Cross tabs are useful for producing counts or frequencies of the number of observations in a combination of categories. First, let’s get two categorical columns:

CategoryColumn who = table1.categoryColumn("who");
CategoryColumn month = date.month();

Now, we can calculate the raw counts for each combination:&nbsp;

Table xtab = CrossTab.xTabCount(table1, month, who);
Crosstab Counts: date month x who
fox gallup newsweek time.cnn upenn zogby total
APRIL 6 10 310 3 23
AUGUST3 8210 2 16
DECEMBER4 9432 5 27
FEBRUARY7 9441 4 29
JANUARY 7 13 635 8 42
JULY6 9430 4 26
JUNE6 11 110 4 23
MARCH 5 12 430 6 30
MAY 4 9530 1 22
NOVEMBER4 9631 1 24
OCTOBER 7 10 821 3 31
SEPTEMBER 5 10 830 4 30
Total 6411955 30 1045323

If you prefer to see the relative frequency for each combination, pass your crosstab table to the tablePercents()&nbsp;method:

Crosstab Table Proportions:
fox gallupnewsweek time.cnn upennzogbytotal
APRIL 0.018575850.030959751 0.0092879250.0030959751 0.00.0092879250.071207434
AUGUST0.009287925 0.024767801 0.0061919503 0.0030959751 0.00.0061919503 0.049535602
DECEMBER0.012383901 0.027863776 0.0123839010.0092879250.0061919503 0.0154798760.083591335
FEBRUARY0.021671826 0.027863776 0.0123839010.0123839010.0030959751 0.0123839010.08978328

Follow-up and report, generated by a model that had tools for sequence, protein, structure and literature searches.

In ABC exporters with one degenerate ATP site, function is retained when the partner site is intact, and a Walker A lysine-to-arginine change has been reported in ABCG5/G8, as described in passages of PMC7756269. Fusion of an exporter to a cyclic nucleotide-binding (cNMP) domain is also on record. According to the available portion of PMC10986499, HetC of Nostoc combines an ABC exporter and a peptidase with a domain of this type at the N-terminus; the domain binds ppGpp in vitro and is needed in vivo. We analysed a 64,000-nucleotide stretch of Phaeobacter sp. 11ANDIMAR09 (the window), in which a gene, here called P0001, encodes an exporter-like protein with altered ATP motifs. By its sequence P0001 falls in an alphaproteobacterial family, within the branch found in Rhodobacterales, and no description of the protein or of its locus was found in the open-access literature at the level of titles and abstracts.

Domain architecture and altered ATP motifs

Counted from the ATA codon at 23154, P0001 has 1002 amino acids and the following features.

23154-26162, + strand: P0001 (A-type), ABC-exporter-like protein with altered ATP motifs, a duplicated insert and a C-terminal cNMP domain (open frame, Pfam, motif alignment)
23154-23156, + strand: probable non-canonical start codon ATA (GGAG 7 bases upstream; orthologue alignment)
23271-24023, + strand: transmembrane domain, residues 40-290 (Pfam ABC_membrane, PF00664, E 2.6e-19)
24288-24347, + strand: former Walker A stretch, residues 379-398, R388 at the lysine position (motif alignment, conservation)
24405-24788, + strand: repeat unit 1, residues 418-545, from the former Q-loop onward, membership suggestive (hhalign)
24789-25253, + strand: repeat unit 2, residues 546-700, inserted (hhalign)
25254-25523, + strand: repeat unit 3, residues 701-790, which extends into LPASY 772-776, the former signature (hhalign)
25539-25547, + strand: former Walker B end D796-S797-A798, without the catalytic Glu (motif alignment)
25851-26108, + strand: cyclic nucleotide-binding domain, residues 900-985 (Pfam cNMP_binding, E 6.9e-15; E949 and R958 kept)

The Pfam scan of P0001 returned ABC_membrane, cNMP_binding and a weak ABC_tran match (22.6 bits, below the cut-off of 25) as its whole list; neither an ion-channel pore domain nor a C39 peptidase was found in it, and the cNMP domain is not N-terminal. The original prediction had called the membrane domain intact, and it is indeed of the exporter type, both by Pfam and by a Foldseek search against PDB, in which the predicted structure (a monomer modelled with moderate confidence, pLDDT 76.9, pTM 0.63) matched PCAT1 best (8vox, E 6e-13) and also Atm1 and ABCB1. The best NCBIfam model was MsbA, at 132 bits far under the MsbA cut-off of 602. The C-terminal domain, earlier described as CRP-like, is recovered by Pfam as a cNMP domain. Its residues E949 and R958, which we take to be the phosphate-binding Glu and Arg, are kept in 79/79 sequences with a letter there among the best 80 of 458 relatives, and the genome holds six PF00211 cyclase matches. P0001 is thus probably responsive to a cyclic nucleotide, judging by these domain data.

JANUARY 0.021671826 0.040247680.01857585 0.0092879250.0154798760.0247678010.13003096
JULY0.018575850.027863776 0.0123839010.0092879250.00.0123839010.08049536
JUNE0.018575850.034055730.0030959751 0.0030959751 0.00.0123839010.071207434
MARCH 0.015479876 0.0371517 0.0123839010.0092879250.00.01857585 0.09287926
MAY 0.012383901 0.027863776 0.0154798760.0092879250.00.0030959751 0.06811146
NOVEMBER0.012383901 0.027863776 0.01857585 0.0092879250.0030959751 0.0030959751 0.0743034
OCTOBER 0.021671826 0.030959751 0.0247678010.0061919503 0.0030959751 0.0092879250.095975235
SEPTEMBER 0.015479876 0.030959751 0.0247678010.0092879250.00.0123839010.09287926
Total 0.198142410.368421050.17027864 0.09287926 0.0309597510.13931888 1.0

What’s Next?

I hope this has encouraged some of you to give Tablesaw a try. As I mentioned, future posts will cover visualization, machine learning, and more. You can find the code on github at


Share :

Leave a Reply

Your email address will not be published. Required fields are marked *

The reCAPTCHA verification period has expired. Please reload the page.